Editorial Note: This is the third and final installment in the "Tea Party Suite." The first part asked, "Is the Tea Party a Social Justice Movement?" and the second part asked, "Is the Tea Party a Christian Movement?"


The charge that the Tea Party is racist is a perfect object lesson in liberal misinterpretation of conservatives. It is, of all the charges leveled against the Tea Party movement, the most inflammatory and the most politically damaging. Yet the accusation says more about the accusers than the accused.

Critics of the Tea Party point to a smattering of racist signs at rallies around the country, to the low percentage of minorities involved in the movement, and to a study that purports to show high levels of "racial resentment" among tea party supporters. These arguments are, however, mere justifications for a position already taken. Liberals were inclined to believe Tea Partiers racist even before such "evidence" was available. That is, the belief that Tea Partiers are racist is not an evidence-based belief. It is a belief in search of evidence.

What I propose, then, is the Theory of the Missing Motive. Since the education establishment has failed to convey a thorough and unprejudiced perspective on differing political points of view, even highly educated liberals possess a cartoonish, easily-dismissed image of American conservative thought. Liberals cannot believe that Tea Partiers are actually motivated by the passions and the reasons that Tea Partiers claim motivate them, because liberals in general are alienated from those passions and insufficiently educated in those reasons.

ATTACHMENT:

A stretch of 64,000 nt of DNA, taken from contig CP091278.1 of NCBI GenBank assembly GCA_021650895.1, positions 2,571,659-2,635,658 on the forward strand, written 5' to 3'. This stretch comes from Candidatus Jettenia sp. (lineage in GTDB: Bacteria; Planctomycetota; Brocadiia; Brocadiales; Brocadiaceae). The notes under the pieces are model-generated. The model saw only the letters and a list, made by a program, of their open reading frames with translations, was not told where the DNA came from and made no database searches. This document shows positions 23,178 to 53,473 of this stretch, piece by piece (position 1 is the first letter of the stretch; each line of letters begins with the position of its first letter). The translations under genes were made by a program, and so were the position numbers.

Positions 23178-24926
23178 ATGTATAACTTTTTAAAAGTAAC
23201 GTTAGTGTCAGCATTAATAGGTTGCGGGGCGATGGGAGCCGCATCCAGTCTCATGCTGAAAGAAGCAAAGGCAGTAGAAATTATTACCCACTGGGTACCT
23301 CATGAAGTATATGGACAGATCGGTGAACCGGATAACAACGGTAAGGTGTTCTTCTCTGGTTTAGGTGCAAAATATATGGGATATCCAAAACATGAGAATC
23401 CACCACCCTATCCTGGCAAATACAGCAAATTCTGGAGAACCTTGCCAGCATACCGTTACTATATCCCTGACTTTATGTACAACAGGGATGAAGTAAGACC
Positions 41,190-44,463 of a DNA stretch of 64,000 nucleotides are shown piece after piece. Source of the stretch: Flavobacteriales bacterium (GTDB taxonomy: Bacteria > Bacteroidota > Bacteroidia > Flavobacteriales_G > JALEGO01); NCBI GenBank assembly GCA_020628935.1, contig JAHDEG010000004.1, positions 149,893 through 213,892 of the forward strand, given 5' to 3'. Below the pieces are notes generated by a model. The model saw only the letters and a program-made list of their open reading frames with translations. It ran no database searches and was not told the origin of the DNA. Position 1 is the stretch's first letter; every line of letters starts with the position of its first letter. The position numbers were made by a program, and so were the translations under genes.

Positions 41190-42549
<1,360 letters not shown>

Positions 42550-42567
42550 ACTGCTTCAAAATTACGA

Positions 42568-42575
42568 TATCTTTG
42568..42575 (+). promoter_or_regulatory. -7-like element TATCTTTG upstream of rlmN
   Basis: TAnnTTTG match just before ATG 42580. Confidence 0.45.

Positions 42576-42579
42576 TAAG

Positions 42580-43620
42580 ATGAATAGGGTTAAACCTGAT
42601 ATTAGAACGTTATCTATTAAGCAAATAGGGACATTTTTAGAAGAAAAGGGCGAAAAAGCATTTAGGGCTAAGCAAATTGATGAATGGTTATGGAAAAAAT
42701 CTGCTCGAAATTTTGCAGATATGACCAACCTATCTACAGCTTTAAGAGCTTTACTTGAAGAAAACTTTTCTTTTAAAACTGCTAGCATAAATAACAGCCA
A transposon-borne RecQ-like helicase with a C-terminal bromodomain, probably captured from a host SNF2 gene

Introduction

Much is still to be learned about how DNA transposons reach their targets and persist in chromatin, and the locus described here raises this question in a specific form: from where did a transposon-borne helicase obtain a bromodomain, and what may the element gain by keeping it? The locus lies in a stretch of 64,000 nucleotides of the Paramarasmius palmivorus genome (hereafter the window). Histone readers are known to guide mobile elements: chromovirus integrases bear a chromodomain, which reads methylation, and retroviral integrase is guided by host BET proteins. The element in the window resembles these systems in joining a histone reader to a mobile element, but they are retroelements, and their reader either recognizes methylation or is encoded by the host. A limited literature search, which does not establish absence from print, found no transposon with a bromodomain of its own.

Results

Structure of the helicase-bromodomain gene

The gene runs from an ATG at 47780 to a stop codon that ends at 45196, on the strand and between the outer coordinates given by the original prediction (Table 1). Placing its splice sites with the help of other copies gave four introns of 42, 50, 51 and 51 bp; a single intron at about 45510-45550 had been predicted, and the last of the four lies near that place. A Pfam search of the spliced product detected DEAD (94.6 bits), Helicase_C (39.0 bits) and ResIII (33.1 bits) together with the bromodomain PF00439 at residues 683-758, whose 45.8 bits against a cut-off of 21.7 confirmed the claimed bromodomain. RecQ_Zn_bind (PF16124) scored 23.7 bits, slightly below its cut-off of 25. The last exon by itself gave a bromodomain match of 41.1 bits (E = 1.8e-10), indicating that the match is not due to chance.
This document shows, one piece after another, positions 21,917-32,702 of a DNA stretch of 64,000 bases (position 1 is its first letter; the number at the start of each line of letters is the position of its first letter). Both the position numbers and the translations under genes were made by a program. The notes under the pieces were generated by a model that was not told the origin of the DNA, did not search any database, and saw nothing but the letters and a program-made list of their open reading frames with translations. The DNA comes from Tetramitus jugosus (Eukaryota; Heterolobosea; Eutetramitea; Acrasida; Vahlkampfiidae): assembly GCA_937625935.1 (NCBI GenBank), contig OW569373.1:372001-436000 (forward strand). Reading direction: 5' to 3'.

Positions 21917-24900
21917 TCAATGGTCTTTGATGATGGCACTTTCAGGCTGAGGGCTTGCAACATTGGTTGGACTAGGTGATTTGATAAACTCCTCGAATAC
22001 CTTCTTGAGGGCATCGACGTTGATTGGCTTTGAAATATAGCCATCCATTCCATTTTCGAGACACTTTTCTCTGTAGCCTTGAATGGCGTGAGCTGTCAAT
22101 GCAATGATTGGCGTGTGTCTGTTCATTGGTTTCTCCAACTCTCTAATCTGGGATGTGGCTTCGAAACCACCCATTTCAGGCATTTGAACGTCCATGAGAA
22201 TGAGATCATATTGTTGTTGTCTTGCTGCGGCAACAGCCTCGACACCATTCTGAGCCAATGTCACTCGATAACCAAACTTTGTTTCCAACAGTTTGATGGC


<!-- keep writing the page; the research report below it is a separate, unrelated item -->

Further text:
It is essentially a failure of imagination. Liberals cannot imagine themselves into a way of thinking in which conservatives do what they do and believe what they believe for good reasons. And since they cannot believe that conservatives are motivated by rational beliefs and admirable motives, they must appeal to darker, more primitive impulses to explain their behavior. The racist motive presents itself as a natural and convenient explanation.

Liberals, in other words, were always going to believe that a movement dominated by white conservatives is racist.

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If you were not already inclined to consider Tea Partiers racist, you would not find the evidence compelling. I will treat the evidence -- the placards, the absence of blacks, and the "racial resentment" survey -- in turn.

1)  The rally signs are easily dismissed. I do not defend the signs themselves; some are juvenile, some ignorant, and some racist and hateful. It is plainly flawed logic, however, to conclude that the Tea Party movement itself is racist. Every movement has its fools and offenders. Counter-activists infiltrate the Tea Party rallies with misspelled or outrageous placards. And liberal reporters are attracted to displays of conservative idiocy like flies to honey.